“Who is this guy, anyway?” she thought, kicking off her shoes and scooting back against the headboard. Her purse had been tossed carelessly onto the bed beside her and she could see a manila envelope peeking out. She pulled it out and opened it up, dumping the contents onto her lap. “Hmmm… a dossier. How very official, David,” she murmured to herself, flipping through the stapled booklet of printouts. On top was a photograph of Raze Constantine, somewhat smudged because of the copier, but the divine symmetry of his features was apparent. His hair was dark, trimmed neatly but styled with purposeful disorder. His eyes weren’t really blue, but more of a transparent amber with flecks of gold like autumn leaves in the light. Though they sparkled with youth, tiny lines at the corners revealed that he was no boy, but rather a grown, thoughtful, man. Most men of his stature would always appear in a business suit with a crisp white shirt and stiffly knotted tie, but this particular picture showed him wearing a black dress shirt open at the neck. Scarlett’s fingers traced over his image. Something about him wasn’t quite right. Something nudged at the back of her mind but she couldn’t put her finger on it. He was familiar, yet they had never met. The only reason she knew of him at all was the occasional media coverage of some event sponsored by RazCon Technologies. Constantine was known to be somewhat of a high society hermit, only venturing out into the populace when absolutely necessary.
“Who are you, Mr. Constantine?” Scarlett flipped through the biography and found it to be shockingly incomplete. Nothing about his background, but mostly press releases about RazCon. “RazCon Technologies burst onto the entrepreneurial scene with the birth of the Internet. At first a small microchip company, they have expanded their business to include software innovations that benefit nearly every growing industry in the western world. From CGI effects to medical equipment, RazCon is the leader in cutting edge technology for the modern world.” The dossier went on to enumerate Constantine’s many achievements, including being nominated for a Nobel Peace Prize for his work building state-of-the-art schools in Africa. In one village, he actually had a power plant built so that the school would have a power grid that could handle the servers needed to go with the computers, tablets, learning software and phone lines that would be installed in the school. Unlike most of the other rich people you hear about, Constantine had actually gone into the villages to hammer nails and lay bricks. There was even a photograph of him standing in the middle of an empty classroom, one small child on his hip and another holding his hand. “No one can be this perfect,” she said with a cynical sigh. She shoved the information back into the envelope and tossed it aside, stealing a glance at the clock by the bed. Its angry red numbers glowed “4:00.”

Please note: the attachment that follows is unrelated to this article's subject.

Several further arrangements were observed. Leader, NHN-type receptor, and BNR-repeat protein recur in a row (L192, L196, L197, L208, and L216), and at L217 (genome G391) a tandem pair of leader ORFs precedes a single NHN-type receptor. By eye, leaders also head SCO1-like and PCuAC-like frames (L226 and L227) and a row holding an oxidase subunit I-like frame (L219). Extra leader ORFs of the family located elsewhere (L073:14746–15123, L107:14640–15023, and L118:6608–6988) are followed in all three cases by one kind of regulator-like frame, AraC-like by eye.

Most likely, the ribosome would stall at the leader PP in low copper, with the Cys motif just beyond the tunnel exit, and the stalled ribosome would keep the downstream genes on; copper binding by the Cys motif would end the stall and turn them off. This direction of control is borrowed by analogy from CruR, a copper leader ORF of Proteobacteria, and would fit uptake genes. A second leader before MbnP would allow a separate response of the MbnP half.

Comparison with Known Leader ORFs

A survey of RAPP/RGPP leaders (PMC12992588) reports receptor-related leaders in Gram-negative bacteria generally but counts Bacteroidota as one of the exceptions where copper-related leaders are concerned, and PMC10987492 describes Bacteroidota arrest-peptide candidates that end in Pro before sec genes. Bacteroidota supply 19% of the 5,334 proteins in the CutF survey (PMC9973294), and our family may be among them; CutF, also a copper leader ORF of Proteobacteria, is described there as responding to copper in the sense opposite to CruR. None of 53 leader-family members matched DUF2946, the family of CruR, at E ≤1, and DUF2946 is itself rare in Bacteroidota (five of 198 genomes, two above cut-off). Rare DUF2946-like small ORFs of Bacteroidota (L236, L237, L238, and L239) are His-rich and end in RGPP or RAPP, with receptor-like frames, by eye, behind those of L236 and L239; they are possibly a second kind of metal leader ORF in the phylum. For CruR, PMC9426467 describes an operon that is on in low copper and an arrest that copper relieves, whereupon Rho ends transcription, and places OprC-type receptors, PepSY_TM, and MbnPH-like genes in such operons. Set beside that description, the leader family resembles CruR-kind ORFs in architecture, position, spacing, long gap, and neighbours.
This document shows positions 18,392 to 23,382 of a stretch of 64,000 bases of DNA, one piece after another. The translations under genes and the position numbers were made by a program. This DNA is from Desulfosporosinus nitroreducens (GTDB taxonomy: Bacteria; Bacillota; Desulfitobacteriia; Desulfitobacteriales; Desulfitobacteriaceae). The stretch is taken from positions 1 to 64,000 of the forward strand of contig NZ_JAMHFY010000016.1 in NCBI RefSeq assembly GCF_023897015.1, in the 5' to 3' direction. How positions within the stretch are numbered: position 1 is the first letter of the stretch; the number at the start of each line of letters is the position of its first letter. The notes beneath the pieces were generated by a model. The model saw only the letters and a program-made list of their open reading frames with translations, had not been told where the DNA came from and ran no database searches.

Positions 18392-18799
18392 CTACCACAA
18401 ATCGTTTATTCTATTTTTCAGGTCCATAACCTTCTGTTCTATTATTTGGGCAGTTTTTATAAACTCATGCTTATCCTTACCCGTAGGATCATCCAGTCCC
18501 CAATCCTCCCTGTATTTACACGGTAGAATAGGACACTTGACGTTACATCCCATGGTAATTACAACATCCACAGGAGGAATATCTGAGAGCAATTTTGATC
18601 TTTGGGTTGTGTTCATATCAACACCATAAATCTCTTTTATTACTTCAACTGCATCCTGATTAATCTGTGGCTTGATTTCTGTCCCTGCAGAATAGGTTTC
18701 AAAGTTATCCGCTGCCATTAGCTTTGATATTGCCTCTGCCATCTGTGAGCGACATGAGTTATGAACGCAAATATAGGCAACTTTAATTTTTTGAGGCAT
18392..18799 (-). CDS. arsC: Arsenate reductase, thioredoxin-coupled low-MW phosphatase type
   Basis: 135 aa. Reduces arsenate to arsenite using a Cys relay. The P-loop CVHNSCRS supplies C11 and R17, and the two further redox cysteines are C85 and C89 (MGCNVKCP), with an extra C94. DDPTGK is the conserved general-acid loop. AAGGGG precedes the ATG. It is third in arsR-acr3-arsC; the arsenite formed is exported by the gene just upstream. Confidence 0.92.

“Two hours. That should give me enough time to take a short nap,” she murmured, asleep before she rolled over.
The staircase was narrow, so narrow she could barely breathe from the closeness of the air. Deep breaths filled her aching chest with his scent. Mmmm… she could taste him on her tongue already and they hadn’t even reached the top. With a firm hand he led her, never speaking, never stopping, toward the precipice. Looking down over the rail she could see how far they’d come and her heart pounded with exhilarating terror. For a moment she almost pulled away and insisted they go back down, but the words died in her throat. He must have sensed her apprehension, because he pulled her closer to him, holding her tightly around the waist as they ascended the stairs that spiraled ever higher.
Finally, they reached a small landing. She felt as if she was teetering on the edge of something, but she could feel his arm, strong and sure at her back. Darkness surrounded them on all sides and a heavy mist curled around their feet. Looking down, there was only nothingness now below them, yet something held them in place. Suddenly he dropped her hand and began to move away into the mist. A light shone down on him from above, highlighting the careless waves of raven curls that fell over his brow and casting his body in lines of light and shadow. His body was nude, save for the strange markings that snaked down each arm and across his back and shoulders. She could not pull her gaze away, taking in the pale skin and complicated structure of bone and sinew that moved beneath.